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The Scientific World Journal
Volume 2014, Article ID 487563, 9 pages
http://dx.doi.org/10.1155/2014/487563
Research Article

Connecting Soil Organic Carbon and Root Biomass with Land-Use and Vegetation in Temperate Grassland

1School of Natural Resource Sciences Range Science Program, North Dakota State University, Fargo, ND 58108-6050, USA
2Natural Sciences, Flagler College, St. Augustine, FL 32085-1027, USA
3Department of Natural Resource Ecology and Management, Oklahoma State University, Stillwater, OK 74078-6013, USA
4Natural Resources and Environmental Sciences, University of Illinois, Urbana, IL 61801, USA
5Department of Ecology, Evolution, and Organismal Ecology, Iowa State University, Ames, IA 50011, USA

Received 19 July 2014; Revised 15 September 2014; Accepted 16 September 2014; Published 20 October 2014

Academic Editor: Antonio Paz González

Copyright © 2014 Devan Allen McGranahan et al. This is an open access article distributed under the Creative Commons Attribution License, which permits unrestricted use, distribution, and reproduction in any medium, provided the original work is properly cited.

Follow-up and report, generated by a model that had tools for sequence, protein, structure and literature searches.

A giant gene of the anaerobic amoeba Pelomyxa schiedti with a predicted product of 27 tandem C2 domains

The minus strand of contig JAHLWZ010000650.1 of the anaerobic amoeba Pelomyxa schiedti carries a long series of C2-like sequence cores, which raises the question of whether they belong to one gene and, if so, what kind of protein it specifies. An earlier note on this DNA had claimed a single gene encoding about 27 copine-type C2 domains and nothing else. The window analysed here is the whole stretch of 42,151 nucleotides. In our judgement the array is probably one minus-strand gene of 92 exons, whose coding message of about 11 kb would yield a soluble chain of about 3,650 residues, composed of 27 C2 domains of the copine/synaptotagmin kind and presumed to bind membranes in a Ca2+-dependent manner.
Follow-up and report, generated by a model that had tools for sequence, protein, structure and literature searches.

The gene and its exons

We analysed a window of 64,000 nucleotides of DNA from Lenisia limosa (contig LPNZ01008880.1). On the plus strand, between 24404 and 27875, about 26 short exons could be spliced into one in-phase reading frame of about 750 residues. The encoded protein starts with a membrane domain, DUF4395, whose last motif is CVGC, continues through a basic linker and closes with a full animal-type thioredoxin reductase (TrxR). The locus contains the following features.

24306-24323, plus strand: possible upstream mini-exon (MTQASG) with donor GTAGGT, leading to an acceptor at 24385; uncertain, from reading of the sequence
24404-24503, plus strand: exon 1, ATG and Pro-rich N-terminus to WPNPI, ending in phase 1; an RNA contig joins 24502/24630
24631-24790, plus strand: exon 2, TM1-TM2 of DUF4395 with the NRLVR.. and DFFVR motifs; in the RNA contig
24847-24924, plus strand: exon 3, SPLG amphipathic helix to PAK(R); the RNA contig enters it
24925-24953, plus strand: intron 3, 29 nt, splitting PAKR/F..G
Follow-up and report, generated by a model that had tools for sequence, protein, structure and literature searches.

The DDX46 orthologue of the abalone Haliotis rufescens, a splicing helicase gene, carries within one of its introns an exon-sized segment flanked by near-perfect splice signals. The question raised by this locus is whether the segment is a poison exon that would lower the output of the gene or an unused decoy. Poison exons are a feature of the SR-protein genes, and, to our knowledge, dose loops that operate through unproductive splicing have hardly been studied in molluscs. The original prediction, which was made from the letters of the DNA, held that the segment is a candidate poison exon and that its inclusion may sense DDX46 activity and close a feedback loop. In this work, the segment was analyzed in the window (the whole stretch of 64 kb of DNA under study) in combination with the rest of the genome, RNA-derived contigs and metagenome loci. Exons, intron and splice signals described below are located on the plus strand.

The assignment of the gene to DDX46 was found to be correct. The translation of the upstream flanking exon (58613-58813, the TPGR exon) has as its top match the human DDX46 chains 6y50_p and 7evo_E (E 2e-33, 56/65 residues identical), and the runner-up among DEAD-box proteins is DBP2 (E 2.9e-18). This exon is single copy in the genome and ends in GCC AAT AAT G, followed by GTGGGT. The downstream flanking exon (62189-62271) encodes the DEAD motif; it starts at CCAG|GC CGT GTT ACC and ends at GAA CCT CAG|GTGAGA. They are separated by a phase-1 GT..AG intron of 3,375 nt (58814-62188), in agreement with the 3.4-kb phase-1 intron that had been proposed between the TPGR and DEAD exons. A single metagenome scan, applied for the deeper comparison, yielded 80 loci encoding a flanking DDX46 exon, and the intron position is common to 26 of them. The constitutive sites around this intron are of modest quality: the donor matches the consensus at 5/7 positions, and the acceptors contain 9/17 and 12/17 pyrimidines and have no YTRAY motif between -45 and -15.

Abstract

Soils contain much of Earth’s terrestrial organic carbon but are sensitive to land-use. Rangelands are important to carbon dynamics and are among ecosystems most widely impacted by land-use. While common practices like grazing, fire, and tillage affect soil properties directly related to soil carbon dynamics, their magnitude and direction of change vary among ecosystems and with intensity of disturbance. We describe variability in soil organic carbon (SOC) and root biomass—sampled from 0–170 cm and 0–100 cm, respectively—in terms of soil properties, land-use history, current management, and plant community composition using linear regression and multivariate ordination. Despite consistency in average values of SOC and root biomass between our data and data from rangelands worldwide, broad ranges in root biomass and SOC in our data suggest these variables are affected by other site-specific factors. Pastures with a recent history of severe grazing had reduced root biomass and greater bulk density. Ordination suggests greater exotic species richness is associated with lower root biomass but the relationship was not apparent when an invasive species of management concern was specifically tested. We discuss how unexplained variability in belowground properties can complicate measurement and prediction of ecosystem processes such as carbon sequestration.